Recently I saw two things I can’t get out of my head.
The first was a presentation by a National Geographic photographer named Paul Nicklen. His talk, “Spirit of the Wild,” is part of the traveling National Geographic Live! speaker series, which is currently here in New York at NYU’s Skirball Center. Paul grew up in an Inuit community in Northern Canada, became a biologist, and has devoted his life to working in the Arctic and Antarctica. I expected beautiful photos of animals in their natural habitats and stories of up-close-and-personal encounters with wildlife. On those points, Paul definitely delivered. What I didn’t expect was a serious education on the effects of climate change on polar ecosystems. In addition to photos of adorable penguins and seals, Paul showed us a time-lapse image of an ice shelf receding to almost nothing and photos of polar bears that had starved to death due to disappearing ice.
“If we lose ice, we stand to lose an entire ecosystem,” Paul said. “Projections are that we could lose polar bears, they could become extinct, in the next fifty to one hundred years.”
At the end of Paul’s talk, the audience’s depression was palpable. During the Q&A session, a woman asked the question that seemed to be on everyone’s mind: “What can we do to help?” In response, Paul said that he could advise us to turn off the lights when we leave a room, drive less, use less plastic, etc., but those are all small things. Instead, he encouraged us to talk about this. Tell our friends and families about his presentation and what we learned, spread the word about the disappearing ice and how important ice is for the survival of these animals, and incorporate that information into the decisions we make in our everyday lives. So that’s what I’m doing.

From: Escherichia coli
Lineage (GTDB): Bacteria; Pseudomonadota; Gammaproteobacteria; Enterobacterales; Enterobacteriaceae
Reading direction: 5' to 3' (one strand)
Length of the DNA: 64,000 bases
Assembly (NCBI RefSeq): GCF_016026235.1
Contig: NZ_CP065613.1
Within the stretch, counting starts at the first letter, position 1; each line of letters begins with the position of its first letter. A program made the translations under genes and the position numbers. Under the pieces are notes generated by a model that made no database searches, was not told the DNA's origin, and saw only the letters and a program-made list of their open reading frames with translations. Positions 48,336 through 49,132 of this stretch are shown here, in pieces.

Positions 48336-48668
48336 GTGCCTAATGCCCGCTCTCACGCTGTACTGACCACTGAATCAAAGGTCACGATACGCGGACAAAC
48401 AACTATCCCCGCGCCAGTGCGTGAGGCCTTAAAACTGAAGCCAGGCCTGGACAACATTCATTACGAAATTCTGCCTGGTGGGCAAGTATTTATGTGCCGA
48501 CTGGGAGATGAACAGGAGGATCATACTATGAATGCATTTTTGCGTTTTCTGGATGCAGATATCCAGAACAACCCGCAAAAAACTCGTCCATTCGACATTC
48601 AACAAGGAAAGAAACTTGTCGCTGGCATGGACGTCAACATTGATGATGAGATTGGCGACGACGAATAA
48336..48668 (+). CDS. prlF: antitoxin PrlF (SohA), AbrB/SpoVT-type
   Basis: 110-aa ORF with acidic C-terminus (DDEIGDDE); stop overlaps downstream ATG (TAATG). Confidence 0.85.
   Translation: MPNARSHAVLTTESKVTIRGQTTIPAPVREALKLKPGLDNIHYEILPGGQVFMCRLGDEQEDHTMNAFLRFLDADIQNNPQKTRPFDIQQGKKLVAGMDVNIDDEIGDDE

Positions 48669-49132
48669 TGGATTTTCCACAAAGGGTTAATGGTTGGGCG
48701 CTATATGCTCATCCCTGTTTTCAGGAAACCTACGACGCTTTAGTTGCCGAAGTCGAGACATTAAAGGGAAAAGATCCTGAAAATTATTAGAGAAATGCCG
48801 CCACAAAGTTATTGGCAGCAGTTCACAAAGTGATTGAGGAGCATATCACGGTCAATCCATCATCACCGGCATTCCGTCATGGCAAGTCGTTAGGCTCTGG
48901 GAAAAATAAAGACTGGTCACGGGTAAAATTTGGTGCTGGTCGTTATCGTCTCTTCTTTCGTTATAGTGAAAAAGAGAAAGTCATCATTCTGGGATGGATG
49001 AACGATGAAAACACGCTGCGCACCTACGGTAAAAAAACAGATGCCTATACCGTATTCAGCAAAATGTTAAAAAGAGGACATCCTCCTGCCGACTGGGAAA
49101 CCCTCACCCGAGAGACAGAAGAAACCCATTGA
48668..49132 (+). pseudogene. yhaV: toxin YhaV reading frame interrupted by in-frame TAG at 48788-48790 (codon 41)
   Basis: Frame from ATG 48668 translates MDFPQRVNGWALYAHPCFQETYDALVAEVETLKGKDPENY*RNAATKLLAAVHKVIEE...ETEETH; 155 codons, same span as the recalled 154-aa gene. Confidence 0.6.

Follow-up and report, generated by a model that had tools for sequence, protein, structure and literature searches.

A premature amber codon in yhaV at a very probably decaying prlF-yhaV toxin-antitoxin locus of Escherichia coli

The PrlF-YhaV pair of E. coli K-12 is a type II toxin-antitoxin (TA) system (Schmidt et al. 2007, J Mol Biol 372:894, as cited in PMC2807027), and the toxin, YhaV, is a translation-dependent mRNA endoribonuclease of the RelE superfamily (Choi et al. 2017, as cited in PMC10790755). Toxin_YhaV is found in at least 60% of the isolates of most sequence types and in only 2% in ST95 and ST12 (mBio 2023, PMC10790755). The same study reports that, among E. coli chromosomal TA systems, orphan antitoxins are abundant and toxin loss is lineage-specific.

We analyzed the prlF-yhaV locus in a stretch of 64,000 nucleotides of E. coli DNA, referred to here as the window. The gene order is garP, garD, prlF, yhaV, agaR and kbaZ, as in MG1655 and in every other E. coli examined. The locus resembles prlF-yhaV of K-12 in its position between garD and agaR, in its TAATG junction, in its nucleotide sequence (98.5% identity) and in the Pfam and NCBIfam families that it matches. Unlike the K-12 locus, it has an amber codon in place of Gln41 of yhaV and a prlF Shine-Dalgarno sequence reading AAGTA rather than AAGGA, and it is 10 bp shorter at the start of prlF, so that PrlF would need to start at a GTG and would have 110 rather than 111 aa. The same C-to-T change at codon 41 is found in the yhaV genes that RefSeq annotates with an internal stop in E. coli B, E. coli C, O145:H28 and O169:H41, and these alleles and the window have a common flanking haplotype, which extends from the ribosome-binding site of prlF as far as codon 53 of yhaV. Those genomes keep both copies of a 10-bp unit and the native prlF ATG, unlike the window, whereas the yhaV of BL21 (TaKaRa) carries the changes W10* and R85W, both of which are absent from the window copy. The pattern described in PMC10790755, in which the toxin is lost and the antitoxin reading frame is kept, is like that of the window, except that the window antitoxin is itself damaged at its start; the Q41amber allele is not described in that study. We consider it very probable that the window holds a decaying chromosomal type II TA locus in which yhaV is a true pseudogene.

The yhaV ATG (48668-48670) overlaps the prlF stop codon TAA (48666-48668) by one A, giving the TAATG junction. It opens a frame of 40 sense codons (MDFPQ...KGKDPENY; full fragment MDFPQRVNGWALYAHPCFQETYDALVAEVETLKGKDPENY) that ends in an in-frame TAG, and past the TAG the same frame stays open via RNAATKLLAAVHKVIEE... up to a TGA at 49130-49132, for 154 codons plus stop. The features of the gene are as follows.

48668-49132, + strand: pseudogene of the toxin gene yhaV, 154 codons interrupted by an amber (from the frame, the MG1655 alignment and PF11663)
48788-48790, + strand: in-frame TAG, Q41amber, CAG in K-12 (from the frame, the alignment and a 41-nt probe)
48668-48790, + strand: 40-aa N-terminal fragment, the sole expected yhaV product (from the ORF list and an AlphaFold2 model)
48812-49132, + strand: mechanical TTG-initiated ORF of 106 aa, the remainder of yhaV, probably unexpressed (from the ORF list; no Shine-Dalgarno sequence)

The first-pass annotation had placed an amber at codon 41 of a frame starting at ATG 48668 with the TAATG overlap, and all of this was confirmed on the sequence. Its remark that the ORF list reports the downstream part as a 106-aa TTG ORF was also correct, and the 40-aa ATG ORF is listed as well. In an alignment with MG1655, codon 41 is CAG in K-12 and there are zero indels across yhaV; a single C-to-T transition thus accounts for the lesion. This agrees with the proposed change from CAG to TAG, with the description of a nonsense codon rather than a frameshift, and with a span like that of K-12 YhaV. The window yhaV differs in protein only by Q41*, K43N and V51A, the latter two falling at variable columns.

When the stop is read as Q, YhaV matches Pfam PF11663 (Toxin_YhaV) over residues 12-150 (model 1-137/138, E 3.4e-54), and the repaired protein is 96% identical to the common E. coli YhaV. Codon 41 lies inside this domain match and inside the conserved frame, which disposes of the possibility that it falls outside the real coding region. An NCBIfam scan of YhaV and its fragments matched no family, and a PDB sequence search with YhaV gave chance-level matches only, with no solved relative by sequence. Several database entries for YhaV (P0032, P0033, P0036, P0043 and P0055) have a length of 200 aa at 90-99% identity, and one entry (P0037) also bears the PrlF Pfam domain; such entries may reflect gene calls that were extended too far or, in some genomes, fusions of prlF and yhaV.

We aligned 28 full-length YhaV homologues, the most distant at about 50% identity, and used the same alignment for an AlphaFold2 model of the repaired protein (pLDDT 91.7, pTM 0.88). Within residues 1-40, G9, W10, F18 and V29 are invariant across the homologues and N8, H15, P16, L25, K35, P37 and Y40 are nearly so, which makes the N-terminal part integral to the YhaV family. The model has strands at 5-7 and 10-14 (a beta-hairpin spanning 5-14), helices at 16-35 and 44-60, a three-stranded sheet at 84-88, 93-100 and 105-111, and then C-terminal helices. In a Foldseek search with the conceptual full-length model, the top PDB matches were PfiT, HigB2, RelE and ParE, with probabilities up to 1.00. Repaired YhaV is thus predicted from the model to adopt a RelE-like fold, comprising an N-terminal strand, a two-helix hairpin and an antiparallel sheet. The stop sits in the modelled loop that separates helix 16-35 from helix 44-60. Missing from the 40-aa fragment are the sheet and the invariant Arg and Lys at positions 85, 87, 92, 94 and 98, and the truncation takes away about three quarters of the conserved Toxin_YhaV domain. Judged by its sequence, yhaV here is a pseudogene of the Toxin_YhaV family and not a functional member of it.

Paul was only in New York for one night, but there are more National Geographic Live! events coming up at the Skirball Center and across the country. If you live in Seattle, I urge you to go see Paul’s “Spirit of the Wild” talk on May 17, 18, or 19 (info here). And for those who prefer the online experience: Paul’s Ted Talk from 2011, "Tales of Ice-Bound Wonderlands," is a great (although significantly shorter) version of “Spirit of the Wild.” If you’re looking for a place to make a donation, check out Sea Legacy, the organization Paul founded with fellow photographer Cristina Mittermeier.
The other thing I can’t get out of my head is the Netflix documentary Virunga, which came out in 2014. It's the true story of a national park in the Congo that is at risk due to international oil interests, and the brave people who fight for the park, its animals, and its people. At the heart of the film is an orphaned gorilla sanctuary guarded by some of the most amazing humans walking the earth, such as Andre Bauma (pictured above). If you haven’t seen this film yet, go watch it on Netflix now. Yes, much of the film is sad and/or infuriating, but there is hope in more people learning about and discussing the issue. Plus, there’s footage of a young gorilla getting tickled. You don’t want to miss it.